Colombian President Gustavo Petro will ask rich countries and multinationals to pay peasants to protect the Amazon rainforest and recover deforested areas.
Colombian President Gustavo Petro will ask rich countries and multinationals to pay peasants to protect the Amazon rainforest and recover deforested areas, he announced on Thursday.
“We need to build a financial fund of about $500 million a year, permanently for 20 years, so that the big companies of the world and the richest governments can, if they really want to advance the fight against climate change, finance us either through carbon credits or through direct contributions,” said Gustavo Petro during a trip to an indigenous school in Leticia (south), the capital of the department of Amazonas.
“One Hundred Thousand Amazon Families”
The left-wing president also announced his intention to take this initiative to the next UN climate conference, COP27, to be held in Egypt in November. With this money, the new Colombian government intends to pay monthly salaries to “one hundred thousand Amazonian families” who “will let the forest grow where it has already been burned” and protect it “where it is vulnerable”, in order to “save 21 million hectares” destroyed in the richest and most biodiverse sub-region on the planet.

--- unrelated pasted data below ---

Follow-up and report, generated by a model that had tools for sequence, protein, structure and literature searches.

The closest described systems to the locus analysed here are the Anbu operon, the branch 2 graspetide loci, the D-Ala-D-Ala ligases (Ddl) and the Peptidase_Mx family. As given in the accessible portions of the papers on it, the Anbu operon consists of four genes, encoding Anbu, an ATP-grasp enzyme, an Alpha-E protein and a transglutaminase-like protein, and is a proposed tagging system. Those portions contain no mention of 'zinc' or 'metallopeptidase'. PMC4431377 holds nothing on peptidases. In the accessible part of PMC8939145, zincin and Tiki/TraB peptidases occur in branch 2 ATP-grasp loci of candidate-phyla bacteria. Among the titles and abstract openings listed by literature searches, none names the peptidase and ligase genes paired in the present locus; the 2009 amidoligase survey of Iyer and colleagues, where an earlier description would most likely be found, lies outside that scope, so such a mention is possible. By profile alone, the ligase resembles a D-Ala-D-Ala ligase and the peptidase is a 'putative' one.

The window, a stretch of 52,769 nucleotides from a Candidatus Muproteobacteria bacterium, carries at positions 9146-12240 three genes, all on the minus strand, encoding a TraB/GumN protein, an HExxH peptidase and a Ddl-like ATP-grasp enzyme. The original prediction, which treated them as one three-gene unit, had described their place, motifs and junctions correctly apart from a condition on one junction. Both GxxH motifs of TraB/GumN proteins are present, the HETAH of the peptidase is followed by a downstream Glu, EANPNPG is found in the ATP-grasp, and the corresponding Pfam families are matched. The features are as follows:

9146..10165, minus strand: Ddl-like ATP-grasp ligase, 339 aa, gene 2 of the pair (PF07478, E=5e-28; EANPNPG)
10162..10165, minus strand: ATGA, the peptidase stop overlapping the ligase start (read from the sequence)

The Amazon Basin, which spans 7.4 million square kilometers, covers almost 40% of South America and spans nine countries, with an estimated population of 34 million, indigenous for the mostly.
Gustavo Petro, the first left-wing president in Colombia’s history, took office on August 7 with an ambitious environmental project that aims to convert the country to clean energy and stop the exploration of new oil wells, among other things measures. During his speech in the rain on Thursday, he also ordered security forces to capture the “large predators of the Amazon rainforest” and to “respond immediately” to any fires. “The public force here must simply stop big capital mobilizing to burn the Amazon rainforest. I don’t want the peasants to be hit,” he said.
According to the NGO Global Witness, Colombia is one of the most biodiverse countries in the world and the most dangerous for environmental protection officials, who are often targeted by the many armed groups operating in the country. Between 2018 and 2021, the country lost nearly 7,018 square kilometers of forest, according to the UN. Most of the destroyed forests were in the Amazon. “If the Amazon rainforest, one of the biggest sponges for the C02 gas that warms the planet and changes the climate, is destroyed, (…) humanity will be destroyed,” warned Gustavo Petro.